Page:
Another concern is that once you stop taking the drug, the effects are often reversed when it comes to weight which could mean the same will happen with addiction. “The weight comes back; the suppression of appetite goes away,” as Dr Janice Jin Hwang told The Atlantic. And people don’t seem to be staying on the drug. In 2020, research found that 70 per cent of patients on GLP-1 stopped taking them within two years.

“One of the reasons, as I said, is that once you have tried it and you realise you’ve lost interest in food, then that may be enough. We don’t know why people stop taking these drugs, but we know for a fact that they do stop,” Holst told Wired. “I don’t see that a huge part of the population will be put on Wegovy and will stay on Wegovy for the rest of their lives – I simply don’t see that picture, because this hasn’t happened with other GLP-1 drugs.”

Even if GLP-1 medication does turn out to be effective at curbing all cravings and addictions, not everyone thinks that a drug which suppresses and frees you from desire is a positive thing. “The notion of an Ozempic era, full of people who are paying a fortune to no longer be able to enjoy one of humanity's great pleasures, is just unbelievably depressing,” writes Vanity Fair editor Katey Rich.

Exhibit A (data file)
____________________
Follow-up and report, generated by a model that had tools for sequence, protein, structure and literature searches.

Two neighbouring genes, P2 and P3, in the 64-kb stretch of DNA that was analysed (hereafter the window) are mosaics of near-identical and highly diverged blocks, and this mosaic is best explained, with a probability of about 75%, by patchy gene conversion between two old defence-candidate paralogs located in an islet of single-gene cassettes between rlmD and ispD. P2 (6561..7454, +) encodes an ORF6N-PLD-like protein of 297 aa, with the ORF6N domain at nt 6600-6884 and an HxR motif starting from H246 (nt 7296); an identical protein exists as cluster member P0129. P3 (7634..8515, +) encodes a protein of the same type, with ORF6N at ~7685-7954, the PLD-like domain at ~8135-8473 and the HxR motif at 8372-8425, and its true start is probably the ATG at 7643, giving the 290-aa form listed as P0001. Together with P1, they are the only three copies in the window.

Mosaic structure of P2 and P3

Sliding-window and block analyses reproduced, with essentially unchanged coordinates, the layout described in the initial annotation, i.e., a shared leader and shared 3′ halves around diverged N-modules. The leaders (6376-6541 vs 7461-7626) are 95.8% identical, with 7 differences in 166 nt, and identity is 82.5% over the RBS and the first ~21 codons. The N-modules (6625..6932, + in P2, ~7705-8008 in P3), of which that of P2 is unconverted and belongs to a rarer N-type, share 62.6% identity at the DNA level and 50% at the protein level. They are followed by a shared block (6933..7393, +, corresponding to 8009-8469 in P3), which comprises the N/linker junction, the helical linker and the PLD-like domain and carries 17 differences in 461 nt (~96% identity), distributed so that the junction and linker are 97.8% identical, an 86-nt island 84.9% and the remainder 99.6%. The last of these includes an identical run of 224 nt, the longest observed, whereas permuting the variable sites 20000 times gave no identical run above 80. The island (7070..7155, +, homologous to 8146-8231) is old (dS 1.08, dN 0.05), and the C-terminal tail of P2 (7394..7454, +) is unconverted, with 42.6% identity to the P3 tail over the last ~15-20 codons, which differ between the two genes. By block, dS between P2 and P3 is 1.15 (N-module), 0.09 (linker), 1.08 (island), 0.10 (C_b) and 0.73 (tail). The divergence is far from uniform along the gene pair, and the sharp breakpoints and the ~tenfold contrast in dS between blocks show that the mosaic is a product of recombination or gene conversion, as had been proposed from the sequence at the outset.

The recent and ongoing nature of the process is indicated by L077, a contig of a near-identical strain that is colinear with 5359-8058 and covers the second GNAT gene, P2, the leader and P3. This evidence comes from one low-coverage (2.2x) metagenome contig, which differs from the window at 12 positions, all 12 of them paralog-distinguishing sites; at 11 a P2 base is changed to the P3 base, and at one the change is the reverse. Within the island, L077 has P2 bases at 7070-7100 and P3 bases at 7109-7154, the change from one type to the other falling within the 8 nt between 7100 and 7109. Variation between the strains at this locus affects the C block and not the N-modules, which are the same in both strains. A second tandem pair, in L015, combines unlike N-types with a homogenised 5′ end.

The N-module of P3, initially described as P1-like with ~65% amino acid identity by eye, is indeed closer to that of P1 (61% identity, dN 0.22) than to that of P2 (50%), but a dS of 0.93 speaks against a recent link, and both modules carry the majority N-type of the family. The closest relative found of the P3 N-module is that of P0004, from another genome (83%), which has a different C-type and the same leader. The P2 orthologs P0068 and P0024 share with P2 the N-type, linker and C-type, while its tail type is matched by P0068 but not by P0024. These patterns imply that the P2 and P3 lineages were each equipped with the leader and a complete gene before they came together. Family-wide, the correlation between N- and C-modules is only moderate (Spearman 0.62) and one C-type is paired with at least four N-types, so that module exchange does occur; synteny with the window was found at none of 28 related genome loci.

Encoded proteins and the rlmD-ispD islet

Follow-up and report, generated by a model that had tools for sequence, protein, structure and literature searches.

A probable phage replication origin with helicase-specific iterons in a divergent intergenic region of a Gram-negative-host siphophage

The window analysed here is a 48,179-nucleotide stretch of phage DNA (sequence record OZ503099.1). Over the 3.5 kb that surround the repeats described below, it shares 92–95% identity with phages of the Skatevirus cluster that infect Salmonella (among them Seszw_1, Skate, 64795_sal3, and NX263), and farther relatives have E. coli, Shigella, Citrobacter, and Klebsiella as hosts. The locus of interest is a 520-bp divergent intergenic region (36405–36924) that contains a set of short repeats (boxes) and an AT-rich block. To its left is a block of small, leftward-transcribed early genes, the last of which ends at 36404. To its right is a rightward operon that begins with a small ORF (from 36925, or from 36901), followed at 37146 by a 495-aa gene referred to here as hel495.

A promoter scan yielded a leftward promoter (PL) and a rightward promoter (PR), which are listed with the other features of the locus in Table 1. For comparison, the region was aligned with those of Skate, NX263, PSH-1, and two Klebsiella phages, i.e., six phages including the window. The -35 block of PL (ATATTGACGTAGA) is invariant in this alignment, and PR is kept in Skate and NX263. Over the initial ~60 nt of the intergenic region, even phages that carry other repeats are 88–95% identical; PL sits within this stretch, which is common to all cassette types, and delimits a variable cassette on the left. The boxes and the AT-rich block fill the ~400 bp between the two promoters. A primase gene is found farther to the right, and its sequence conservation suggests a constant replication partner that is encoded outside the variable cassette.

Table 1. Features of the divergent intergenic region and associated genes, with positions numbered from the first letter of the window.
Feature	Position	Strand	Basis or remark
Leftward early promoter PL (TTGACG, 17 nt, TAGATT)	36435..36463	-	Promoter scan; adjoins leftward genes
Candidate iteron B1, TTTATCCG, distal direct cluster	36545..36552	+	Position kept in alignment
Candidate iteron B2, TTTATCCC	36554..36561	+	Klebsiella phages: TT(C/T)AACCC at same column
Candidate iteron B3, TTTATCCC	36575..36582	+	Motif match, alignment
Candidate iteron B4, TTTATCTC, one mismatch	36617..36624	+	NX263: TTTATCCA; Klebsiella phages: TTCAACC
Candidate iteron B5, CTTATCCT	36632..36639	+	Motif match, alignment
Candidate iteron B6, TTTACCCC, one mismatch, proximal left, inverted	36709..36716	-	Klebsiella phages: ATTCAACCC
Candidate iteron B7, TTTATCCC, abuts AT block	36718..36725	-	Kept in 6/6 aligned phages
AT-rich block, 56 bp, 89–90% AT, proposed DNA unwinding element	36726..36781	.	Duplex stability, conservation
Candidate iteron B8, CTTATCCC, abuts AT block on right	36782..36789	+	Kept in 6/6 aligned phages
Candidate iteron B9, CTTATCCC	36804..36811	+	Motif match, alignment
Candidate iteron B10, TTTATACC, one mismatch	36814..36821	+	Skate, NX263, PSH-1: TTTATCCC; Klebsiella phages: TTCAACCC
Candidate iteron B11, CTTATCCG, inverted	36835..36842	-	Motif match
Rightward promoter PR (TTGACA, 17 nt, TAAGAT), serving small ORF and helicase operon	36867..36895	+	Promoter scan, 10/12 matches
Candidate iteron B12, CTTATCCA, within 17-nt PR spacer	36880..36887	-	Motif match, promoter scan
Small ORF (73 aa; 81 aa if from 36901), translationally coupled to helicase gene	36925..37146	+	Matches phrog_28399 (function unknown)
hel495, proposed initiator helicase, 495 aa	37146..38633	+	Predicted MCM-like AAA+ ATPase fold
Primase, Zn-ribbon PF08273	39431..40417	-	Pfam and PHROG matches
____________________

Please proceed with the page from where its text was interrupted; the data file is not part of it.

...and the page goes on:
Is there something dystopian in a drug which numbs people to pleasure and indulgence – particularly in a culture which often encourages strict self-discipline and suppression? Will it create a stoic society where people can bio-hack their bodies for maximum focus and efficiency, without the distraction that comes from having needs? A whole workforce engineered to exist as robots without the urge for food, drinks, sex or any other kind of craving? 

In Aldous Huxley’s 1932 dystopian tale Brave New World, pleasure is a priority and it’s achieved through the mass proliferation of soma, a mood-altering drug which blocks negative emotions. The result is a society which is completely numb through pure bliss, and therefore complacent and compliant. Will Ozempic offer the opposite – numbness through the suppression of desire? “Choosing to take pleasure is the least I could do for myself in a system that’s hell-bent on making me a little worker bee – in a society that praises people for not being hungry,” dietitian Christyna Johnson says in a Vice article.

On the other hand, addiction ravages people, families and communities – Stanford University estimated that 1.2 million people in the US and Canada will die from opioid overdoses by the end of the decade – and if there is a medication that can help without the side effects of drugs like methadone, surely that can only be a good thing. 

Without more research and time to study the long-term effects of drugs like Ozempic, it is impossible to know what will happen. In the meantime, it will pay to be cautious of any drug that is hailed as a miracle – particularly when it comes to the weight-loss industry which has a long history of medication which turns out to be too good to be true.

Join Dazed Club and be part of our world! You get exclusive access to events, parties, festivals and our editors, as well as a free subscription to Dazed for a year. Join for £5/month today.